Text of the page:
I’d written earlier about Vodafone UK’s new data tariffs, which appear to be a marginal improvement over their previous efforts, though they are a small step in the right direction. The new charges went into effect this week, as well as some other “improvements” to the mobile web experience for Vodafone users.
Those improvements entail breaking sites that use mobile browsers’ user agents to serve the proper pages by using a transcoder that appears like a PC browser to sites, and also apparently adding a Vodafone header and footer to each page, giving them some real estate to serve advertising.
The solution thus far appears to be whitelisting of certain sites — which isn’t just resource-intensive for Vodafone, but ridiculous from the perspective of web site owners, who now essentially need to register their work with Vodafone (or Bango) for it to work properly. While this event is probably best explained by some level of incompetence, rather than malice, it’s hard to swallow given the efforts Vodafone, or at least some people within it, make to be seen as supporters of the mobile web. This episode makes it look as if Vodafone’s support of the mobile web extends to supporting it only on its own terms, and removing control over the mobile web experience from users and content providers. Meanwhile, we’ll assume that sites within Vodafone’s live! portal still work just fine — making it even harder to view this as some sort of soft walled garden.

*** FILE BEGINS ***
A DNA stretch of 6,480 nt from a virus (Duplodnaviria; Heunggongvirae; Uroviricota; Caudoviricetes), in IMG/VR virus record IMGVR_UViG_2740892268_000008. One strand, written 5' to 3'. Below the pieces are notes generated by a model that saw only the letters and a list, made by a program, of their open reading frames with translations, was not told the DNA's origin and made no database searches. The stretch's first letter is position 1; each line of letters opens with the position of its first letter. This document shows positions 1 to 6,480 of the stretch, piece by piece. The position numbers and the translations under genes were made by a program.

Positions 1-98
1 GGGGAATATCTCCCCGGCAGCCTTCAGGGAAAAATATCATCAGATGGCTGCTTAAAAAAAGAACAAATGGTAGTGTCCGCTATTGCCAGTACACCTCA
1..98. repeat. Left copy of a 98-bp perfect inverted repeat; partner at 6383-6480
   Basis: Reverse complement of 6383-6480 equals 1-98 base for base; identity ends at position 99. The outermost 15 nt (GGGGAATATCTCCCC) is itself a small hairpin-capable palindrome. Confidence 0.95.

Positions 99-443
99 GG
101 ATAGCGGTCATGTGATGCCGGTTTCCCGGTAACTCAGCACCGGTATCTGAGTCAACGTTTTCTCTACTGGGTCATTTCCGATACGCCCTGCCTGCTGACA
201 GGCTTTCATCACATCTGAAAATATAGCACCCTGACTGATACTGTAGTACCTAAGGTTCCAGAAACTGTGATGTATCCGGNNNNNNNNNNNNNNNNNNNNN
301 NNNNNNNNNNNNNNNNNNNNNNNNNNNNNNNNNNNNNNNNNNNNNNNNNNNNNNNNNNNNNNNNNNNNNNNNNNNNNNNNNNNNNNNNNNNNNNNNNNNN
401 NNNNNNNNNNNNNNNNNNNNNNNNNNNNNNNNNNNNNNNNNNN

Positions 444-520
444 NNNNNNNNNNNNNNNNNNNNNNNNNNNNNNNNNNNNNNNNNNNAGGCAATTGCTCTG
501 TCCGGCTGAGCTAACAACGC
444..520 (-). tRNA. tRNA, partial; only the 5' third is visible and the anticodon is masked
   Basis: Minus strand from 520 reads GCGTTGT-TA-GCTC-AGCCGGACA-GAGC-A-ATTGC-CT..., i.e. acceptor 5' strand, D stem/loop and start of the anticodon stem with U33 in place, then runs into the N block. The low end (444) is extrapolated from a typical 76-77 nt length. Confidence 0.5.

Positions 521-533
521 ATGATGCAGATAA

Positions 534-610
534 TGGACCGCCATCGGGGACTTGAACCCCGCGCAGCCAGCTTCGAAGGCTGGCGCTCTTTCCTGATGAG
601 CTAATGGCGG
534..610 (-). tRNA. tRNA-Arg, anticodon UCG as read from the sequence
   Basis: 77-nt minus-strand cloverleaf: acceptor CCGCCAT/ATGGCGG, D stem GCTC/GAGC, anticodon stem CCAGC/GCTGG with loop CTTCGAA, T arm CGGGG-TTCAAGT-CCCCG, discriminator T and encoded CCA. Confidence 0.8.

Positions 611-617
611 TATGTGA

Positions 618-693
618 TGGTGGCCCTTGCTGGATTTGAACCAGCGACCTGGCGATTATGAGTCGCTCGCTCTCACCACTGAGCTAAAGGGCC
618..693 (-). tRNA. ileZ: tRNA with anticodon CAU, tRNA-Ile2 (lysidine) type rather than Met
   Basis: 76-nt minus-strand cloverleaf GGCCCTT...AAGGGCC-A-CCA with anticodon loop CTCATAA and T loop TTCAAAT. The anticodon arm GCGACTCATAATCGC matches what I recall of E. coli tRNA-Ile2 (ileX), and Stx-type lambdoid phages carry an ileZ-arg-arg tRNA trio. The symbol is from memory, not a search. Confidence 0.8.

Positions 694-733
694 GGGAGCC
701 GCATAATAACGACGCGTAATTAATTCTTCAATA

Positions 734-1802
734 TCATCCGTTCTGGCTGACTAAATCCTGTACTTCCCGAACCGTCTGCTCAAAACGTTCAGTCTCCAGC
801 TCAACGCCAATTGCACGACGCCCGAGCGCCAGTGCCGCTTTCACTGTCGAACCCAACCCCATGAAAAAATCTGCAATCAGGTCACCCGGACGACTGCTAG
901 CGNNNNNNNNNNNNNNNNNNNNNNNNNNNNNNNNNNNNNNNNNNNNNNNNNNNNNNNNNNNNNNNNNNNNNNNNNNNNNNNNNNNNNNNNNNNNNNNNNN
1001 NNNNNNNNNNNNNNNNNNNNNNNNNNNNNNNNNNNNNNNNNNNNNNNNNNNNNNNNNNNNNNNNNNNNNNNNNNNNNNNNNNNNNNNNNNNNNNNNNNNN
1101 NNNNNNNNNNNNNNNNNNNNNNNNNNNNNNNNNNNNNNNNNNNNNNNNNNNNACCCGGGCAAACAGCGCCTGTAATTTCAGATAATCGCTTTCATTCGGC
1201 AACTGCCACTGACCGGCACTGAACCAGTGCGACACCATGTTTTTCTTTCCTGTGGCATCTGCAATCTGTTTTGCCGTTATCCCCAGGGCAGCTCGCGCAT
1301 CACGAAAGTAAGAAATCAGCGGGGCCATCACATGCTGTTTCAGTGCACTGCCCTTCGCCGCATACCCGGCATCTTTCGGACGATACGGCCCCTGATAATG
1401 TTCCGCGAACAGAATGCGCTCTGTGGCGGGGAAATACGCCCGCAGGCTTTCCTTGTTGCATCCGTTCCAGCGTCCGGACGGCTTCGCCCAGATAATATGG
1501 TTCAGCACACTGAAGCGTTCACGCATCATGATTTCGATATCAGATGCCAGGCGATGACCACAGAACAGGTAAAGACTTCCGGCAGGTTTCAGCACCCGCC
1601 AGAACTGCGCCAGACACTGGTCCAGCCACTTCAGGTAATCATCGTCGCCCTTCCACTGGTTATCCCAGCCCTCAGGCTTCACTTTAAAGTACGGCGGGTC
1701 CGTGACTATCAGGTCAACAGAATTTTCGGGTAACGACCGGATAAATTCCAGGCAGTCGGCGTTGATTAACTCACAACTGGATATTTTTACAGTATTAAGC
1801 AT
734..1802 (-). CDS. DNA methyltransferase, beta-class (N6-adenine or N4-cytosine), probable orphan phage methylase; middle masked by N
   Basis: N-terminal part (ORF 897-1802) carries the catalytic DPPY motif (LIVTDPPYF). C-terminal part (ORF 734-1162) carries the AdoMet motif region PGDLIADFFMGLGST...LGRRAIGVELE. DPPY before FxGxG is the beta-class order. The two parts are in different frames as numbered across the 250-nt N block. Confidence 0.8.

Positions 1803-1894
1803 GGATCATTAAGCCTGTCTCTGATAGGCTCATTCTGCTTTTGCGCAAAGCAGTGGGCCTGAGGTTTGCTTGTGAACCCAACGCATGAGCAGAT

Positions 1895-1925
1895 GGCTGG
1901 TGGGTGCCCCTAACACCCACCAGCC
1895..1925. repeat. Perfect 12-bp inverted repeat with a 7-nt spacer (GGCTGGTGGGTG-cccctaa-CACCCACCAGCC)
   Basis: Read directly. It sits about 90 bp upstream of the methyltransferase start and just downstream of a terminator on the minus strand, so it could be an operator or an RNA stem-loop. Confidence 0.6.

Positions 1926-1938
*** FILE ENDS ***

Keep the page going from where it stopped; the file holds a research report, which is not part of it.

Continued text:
On a related note, according to The Guardian, Vodafone’s transcoder “tends to strip out adverts”, though an exec insists this is just part of the attempt to “present content from the internet as quickly as possible”. Haven’t we been through this before?
Also, it’s worth mentioning this isn’t the first time Vodafone’s had a problem with their interference in the mobile web, as their overzealous porn filtering blocked plenty of innocent sites a few years ago.